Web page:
Alternatively, one could average measurement noise for several minutes while collecting continuous carrier phases measurements. However, that requires getting around the problem of “duty cycling” the GNSS receiver, which is a technique that smartphone manufacturers use to keep it from draining the phone’s batteries: they turn it on for a period—say, 200 milliseconds—then off for a longer period—say, 800 milliseconds—then on again, and so on. Android P with a developer option allows users to disable duty cycling.
Now that phones, too, can collect these measurements, they can also take advantage of multiple frequencies. In addition to the L1 frequency they all currently use, they increasingly have access to the new L5 frequency, which is supported by the GPS, Galileo, BeiDou, QZSS, and IRNSS GNSS constellations. This greatly increases the speed of convergence to carrier-phase accuracy.
The biggest remaining obstacle to achieving positional accuracy with a smartphone is the quality of the low-cost GNSS antennas and chips they contain, as opposed to the high-quality antenna and receiver components used in survey-grade GNSS receivers that track signals on multiple frequencies and enable them to achieve centimeter- and even millimeter-level accuracies.
What the Apps Do
The GnssLogger and Android GNSS Analysis tools enable manufacturers to improve their devices’ design and GNSS performance by seeing in detail how well the GNSS receivers are working in each device design. They are also of great value to researchers and app developers. For surveyors, they are of interest because of the possible future developments they portend.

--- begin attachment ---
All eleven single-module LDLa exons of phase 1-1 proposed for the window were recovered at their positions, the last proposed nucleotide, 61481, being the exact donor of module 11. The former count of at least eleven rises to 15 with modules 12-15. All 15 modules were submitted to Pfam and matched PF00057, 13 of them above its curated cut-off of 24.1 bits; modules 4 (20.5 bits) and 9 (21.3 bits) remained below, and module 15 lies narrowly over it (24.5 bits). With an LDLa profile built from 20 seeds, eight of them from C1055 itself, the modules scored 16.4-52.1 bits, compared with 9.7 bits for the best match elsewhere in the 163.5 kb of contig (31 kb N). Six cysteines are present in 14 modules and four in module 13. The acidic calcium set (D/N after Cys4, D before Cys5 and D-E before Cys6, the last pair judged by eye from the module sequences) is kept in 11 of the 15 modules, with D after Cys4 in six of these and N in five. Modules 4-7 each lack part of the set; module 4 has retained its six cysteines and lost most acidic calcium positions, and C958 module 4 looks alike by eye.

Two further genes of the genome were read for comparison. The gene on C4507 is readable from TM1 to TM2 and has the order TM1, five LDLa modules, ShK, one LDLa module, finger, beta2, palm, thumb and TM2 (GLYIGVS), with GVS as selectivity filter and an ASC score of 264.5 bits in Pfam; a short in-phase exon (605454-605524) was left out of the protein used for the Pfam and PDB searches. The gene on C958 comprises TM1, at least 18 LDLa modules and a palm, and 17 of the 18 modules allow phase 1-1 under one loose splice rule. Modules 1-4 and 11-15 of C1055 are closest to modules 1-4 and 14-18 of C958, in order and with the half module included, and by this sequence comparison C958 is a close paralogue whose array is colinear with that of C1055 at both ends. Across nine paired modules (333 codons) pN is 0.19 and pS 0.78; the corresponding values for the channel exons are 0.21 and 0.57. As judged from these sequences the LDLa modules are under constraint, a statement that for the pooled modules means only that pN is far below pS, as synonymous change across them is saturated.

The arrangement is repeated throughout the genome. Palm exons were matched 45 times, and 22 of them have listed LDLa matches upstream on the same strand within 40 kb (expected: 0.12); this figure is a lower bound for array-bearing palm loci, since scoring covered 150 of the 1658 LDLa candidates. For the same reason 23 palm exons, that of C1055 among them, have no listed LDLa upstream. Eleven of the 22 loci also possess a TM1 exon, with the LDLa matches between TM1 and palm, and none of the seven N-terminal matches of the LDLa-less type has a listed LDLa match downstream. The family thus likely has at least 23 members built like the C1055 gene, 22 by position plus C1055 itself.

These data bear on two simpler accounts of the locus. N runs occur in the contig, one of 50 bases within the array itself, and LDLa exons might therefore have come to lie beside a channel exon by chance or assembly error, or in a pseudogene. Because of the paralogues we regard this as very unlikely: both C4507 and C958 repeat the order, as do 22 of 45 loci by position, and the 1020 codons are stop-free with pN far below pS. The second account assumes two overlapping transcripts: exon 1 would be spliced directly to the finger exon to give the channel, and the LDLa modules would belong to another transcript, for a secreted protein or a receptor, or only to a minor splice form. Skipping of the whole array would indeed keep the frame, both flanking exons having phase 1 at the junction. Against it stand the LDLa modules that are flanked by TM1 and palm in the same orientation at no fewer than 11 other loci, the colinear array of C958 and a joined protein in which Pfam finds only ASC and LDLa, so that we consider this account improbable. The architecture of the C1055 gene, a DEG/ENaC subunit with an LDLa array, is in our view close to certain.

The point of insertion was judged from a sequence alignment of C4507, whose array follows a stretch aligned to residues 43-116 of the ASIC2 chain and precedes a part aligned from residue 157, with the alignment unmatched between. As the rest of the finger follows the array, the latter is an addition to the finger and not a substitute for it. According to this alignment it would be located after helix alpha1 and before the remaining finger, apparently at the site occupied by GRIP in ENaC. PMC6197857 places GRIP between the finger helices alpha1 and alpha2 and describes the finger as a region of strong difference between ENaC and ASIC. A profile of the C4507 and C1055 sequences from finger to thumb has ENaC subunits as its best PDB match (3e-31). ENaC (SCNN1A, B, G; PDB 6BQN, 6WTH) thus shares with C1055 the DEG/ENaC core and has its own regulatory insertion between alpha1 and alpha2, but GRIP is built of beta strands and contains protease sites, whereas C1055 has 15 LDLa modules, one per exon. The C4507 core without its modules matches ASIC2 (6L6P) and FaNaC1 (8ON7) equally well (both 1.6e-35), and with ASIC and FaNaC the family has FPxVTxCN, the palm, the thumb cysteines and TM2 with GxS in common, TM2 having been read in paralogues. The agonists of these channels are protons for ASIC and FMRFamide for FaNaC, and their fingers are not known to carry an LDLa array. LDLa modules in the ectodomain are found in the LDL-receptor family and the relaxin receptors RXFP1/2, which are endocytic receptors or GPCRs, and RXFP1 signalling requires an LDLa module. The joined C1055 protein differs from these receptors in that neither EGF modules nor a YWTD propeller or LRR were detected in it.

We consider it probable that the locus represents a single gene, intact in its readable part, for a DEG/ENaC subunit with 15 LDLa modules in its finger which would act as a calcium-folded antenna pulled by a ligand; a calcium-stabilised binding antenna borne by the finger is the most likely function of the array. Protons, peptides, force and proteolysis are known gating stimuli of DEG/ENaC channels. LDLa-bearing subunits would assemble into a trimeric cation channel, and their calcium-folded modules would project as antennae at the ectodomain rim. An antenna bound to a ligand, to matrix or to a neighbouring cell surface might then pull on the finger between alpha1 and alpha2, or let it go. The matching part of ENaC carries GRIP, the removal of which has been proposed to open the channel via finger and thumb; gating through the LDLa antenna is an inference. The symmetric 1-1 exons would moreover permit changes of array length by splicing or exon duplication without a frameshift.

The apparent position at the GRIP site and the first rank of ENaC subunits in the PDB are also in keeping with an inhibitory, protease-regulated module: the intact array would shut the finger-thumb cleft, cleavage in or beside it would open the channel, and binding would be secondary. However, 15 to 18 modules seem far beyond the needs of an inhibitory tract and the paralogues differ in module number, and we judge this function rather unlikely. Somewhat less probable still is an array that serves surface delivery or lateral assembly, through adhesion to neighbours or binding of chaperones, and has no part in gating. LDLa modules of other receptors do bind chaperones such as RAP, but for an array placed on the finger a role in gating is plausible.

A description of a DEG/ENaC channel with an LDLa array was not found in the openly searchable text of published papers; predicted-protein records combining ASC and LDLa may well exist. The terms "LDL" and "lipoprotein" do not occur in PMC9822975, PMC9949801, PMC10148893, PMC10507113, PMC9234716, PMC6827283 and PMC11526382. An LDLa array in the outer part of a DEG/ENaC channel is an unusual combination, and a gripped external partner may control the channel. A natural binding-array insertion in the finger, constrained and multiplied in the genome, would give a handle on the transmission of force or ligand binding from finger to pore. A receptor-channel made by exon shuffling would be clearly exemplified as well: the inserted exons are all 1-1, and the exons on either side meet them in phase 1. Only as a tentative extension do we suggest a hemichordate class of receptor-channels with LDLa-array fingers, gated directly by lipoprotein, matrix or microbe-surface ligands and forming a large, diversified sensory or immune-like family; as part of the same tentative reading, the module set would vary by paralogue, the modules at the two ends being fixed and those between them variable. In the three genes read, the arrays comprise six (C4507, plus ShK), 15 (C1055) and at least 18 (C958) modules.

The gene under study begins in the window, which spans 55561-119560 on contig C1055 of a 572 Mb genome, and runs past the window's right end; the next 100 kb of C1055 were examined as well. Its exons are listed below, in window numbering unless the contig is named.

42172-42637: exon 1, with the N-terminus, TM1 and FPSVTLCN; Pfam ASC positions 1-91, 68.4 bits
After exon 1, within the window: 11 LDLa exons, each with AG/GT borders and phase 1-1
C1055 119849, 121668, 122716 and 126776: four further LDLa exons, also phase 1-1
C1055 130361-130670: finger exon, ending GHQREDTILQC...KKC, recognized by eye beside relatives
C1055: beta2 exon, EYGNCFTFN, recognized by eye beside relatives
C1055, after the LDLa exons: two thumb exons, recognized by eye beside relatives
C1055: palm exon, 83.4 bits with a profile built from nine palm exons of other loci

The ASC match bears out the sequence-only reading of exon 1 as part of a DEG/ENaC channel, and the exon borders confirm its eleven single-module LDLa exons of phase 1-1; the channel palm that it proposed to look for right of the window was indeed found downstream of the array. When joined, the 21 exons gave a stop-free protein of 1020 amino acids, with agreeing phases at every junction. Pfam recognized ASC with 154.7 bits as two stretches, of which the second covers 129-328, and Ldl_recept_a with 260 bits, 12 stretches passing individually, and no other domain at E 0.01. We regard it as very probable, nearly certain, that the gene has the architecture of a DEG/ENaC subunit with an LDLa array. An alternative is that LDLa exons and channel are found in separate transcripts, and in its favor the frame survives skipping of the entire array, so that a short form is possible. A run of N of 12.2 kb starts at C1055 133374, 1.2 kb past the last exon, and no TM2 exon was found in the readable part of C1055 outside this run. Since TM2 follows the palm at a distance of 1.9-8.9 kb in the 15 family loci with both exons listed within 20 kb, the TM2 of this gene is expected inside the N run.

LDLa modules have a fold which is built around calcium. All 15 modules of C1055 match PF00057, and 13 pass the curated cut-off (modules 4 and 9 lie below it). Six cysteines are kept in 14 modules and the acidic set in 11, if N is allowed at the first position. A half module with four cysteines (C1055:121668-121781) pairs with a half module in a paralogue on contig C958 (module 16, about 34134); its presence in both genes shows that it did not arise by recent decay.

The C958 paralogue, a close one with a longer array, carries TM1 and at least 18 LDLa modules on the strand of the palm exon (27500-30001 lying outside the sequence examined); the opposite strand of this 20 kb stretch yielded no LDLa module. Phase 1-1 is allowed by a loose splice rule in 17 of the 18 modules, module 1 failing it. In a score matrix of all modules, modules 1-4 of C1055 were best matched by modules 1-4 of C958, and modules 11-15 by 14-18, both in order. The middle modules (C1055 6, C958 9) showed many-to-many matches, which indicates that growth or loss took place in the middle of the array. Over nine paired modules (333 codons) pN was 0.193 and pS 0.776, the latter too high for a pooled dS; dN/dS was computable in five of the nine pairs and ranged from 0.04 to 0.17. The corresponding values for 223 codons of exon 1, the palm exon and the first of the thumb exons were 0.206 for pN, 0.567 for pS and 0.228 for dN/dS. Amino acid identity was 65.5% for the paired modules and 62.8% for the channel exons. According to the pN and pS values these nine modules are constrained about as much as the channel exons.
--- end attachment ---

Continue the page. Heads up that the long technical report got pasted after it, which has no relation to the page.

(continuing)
The tools are not intended to generate the best possible position, although an expert user may be able to achieve that by manipulating all the available features. Rather, they make it possible to examine in detail the workings of the phone’s GNSS receiver.
One thing they reveal is that most GNSS receivers very often get bad measurements, which they filter out before generating the position, or (in the case of survey receivers) before generating measurements to output in RINEX files. So, users only used to seeing the result may be surprised at what they see when they use these tools to dig into the raw data.
However, using these tools to remove the bad measurements proves that phones can get decimeter accuracy. Professionals can spend days using the Android GNSS Analysis tool to do such things as deselect satellites one at a time, or by constellation, change mask angles, and so on.
Results of tests conducted by Google demonstrate that the use of carrier-phase measurements and careful modeling of the error sources affecting GPS observations make it possible to measure the displacement of a smartphone at the centimeter level. Surveyors should cheer and start planning to make the most of this new capability, as soon as it becomes fully available.
Sidebar: Using the Apps
I downloaded GnssLogger from Github and installed it on my Google Pixel 4XL smartphone. I downloaded Android GNSS Analysis from a Google site for developers and installed it on my Acer 1080 laptop which is running on Windows 10. I followed closely the program’s “Installation and User Manual“ with regards to where to put the files and a few other technical details. The installation includes MATLAB Runtime, which took a long time to download.
I used GnssLogger (See Figure 1) to collect about five minutes of data in the middle of a tennis court, then uploaded the log file it generated to DropBox and downloaded it from there to the appropriate folder on my computer. I opened Android GNSS Analysis, navigated to my log file, opened it, then clicked on the program’s “Analyze and Plot” button.
The program generated 12 plots, showing the behavior of the RF, clock, and measurements. In particular, the plot of the WLS relative position from the carrier phase accumulated delta range (ADR) showed that the points were all within about a decimeter of each other. (See Figure 2)